Of course the problems with lending practices aren’t limited to the bailed-out banks. Earlier this month, a coalition of over 20 leading experts, investors, NGOs and universities wrote to the Bank of England warning of the dangers of a ‘carbon bubble’, where Britain’s exposure to polluting and environmentally damaging investments might pose a systemic risk to the UK financial system and prospects for long term economic growth. If the Government isn’t going act on the bailed out banks, then it need to regulate for the whole of the banking sector. Without this, another banking crash is all but inevitable.
Regulation is one of our key defences against the power of corporates.
Another area where regulation is badly needed is the energy market. More than a third of Scots live in fuel poverty and recent price hikes by the Big Six will inevitably make things worse. Although the right-wing press would have you believe this is all down to renewables, household energy bill increases are being driven by the rising cost of wholesale gas as well as the enormous profits made by the ‘Big Six’ energy companies who dominate the market (the UK Government’s independent advisors the Committee on Climate Change estimate that since 2004, less than 16 per cent of price rises are due to environmental policies, with more 50 per cent due to the rising cost of wholesale gas). A levy on windfall profits, which could then be recycled to fund substantial improvements to the energy efficiency of our homes, is badly needed.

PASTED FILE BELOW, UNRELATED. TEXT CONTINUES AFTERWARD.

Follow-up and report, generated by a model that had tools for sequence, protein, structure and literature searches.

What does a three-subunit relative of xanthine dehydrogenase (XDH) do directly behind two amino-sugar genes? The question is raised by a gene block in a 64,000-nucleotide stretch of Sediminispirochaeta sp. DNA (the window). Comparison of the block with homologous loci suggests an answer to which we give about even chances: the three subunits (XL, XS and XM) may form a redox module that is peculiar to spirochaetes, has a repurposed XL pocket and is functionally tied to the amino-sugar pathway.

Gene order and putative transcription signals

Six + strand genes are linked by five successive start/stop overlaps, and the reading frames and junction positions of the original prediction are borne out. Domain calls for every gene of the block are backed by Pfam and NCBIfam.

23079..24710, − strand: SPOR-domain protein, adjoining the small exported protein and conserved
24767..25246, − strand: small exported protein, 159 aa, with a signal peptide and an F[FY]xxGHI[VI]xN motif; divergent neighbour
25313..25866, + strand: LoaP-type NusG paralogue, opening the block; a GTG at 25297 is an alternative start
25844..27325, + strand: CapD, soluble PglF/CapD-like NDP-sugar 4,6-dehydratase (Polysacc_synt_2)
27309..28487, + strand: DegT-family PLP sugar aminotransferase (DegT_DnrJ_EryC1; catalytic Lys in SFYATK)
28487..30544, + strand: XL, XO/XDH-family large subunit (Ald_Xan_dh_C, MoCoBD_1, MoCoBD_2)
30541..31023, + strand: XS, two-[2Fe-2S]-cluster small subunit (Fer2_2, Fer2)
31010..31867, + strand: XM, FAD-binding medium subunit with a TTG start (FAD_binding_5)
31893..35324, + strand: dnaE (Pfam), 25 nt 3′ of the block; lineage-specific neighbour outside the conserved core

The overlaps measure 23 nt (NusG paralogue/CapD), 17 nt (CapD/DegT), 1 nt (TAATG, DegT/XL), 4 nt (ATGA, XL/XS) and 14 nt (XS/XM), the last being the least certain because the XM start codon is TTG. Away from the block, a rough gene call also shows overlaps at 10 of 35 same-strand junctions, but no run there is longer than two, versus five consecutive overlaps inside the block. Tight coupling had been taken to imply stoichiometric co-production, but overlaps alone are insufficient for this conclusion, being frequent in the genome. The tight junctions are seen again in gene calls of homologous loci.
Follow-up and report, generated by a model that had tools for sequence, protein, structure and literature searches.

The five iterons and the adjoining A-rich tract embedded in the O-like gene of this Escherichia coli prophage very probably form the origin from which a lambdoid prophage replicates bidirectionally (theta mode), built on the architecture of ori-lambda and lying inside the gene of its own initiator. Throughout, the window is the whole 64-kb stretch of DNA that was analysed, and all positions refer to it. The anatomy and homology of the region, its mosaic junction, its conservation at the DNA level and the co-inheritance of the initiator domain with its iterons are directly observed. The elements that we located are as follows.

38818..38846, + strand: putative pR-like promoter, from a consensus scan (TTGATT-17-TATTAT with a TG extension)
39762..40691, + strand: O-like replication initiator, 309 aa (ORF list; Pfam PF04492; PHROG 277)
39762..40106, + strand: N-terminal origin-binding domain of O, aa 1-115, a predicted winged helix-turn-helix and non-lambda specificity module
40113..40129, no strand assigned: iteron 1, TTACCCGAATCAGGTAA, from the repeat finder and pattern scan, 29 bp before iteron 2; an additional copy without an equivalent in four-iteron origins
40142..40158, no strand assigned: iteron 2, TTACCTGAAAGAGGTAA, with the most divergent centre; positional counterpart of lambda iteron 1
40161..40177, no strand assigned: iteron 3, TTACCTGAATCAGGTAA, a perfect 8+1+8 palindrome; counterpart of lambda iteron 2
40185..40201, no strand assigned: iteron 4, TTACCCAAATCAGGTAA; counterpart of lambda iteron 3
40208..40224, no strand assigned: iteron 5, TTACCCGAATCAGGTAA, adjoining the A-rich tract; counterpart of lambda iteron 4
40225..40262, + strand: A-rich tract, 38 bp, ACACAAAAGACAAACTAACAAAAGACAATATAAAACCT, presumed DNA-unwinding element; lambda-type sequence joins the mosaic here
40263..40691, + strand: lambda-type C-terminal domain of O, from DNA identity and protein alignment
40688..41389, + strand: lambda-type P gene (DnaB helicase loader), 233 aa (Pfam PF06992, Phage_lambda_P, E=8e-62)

There are also areas, particularly around energy efficiency, where the Scottish Government could be doing more. People who rent their homes from private landlords are amongst those most likely to be in fuel poverty. This isn’t a surprise – there is no incentive for the landlord to carry out energy efficiency measures given they don’t have to put up with footing the bill and there is no incentive for the tenant to improve energy efficiency given they don’t own the house and therefore won’t benefit in the long-run.
Whilst one route to squaring this circle would be publicly-funded programmes and subsidies, the Government claims it has no more money for this and asks why should the taxpayer foot the bill for private landlords’ disregard to their tenants’ wellbeing and the state of their buildings? Another possibility then is regulation – the Government could require landlords in the private rented sector to bring their homes up to a certain ‘minimum standard’, by a given date. If done well, this is one of the main benefits of regulation – the cost can be passed onto those who deserve to pay it.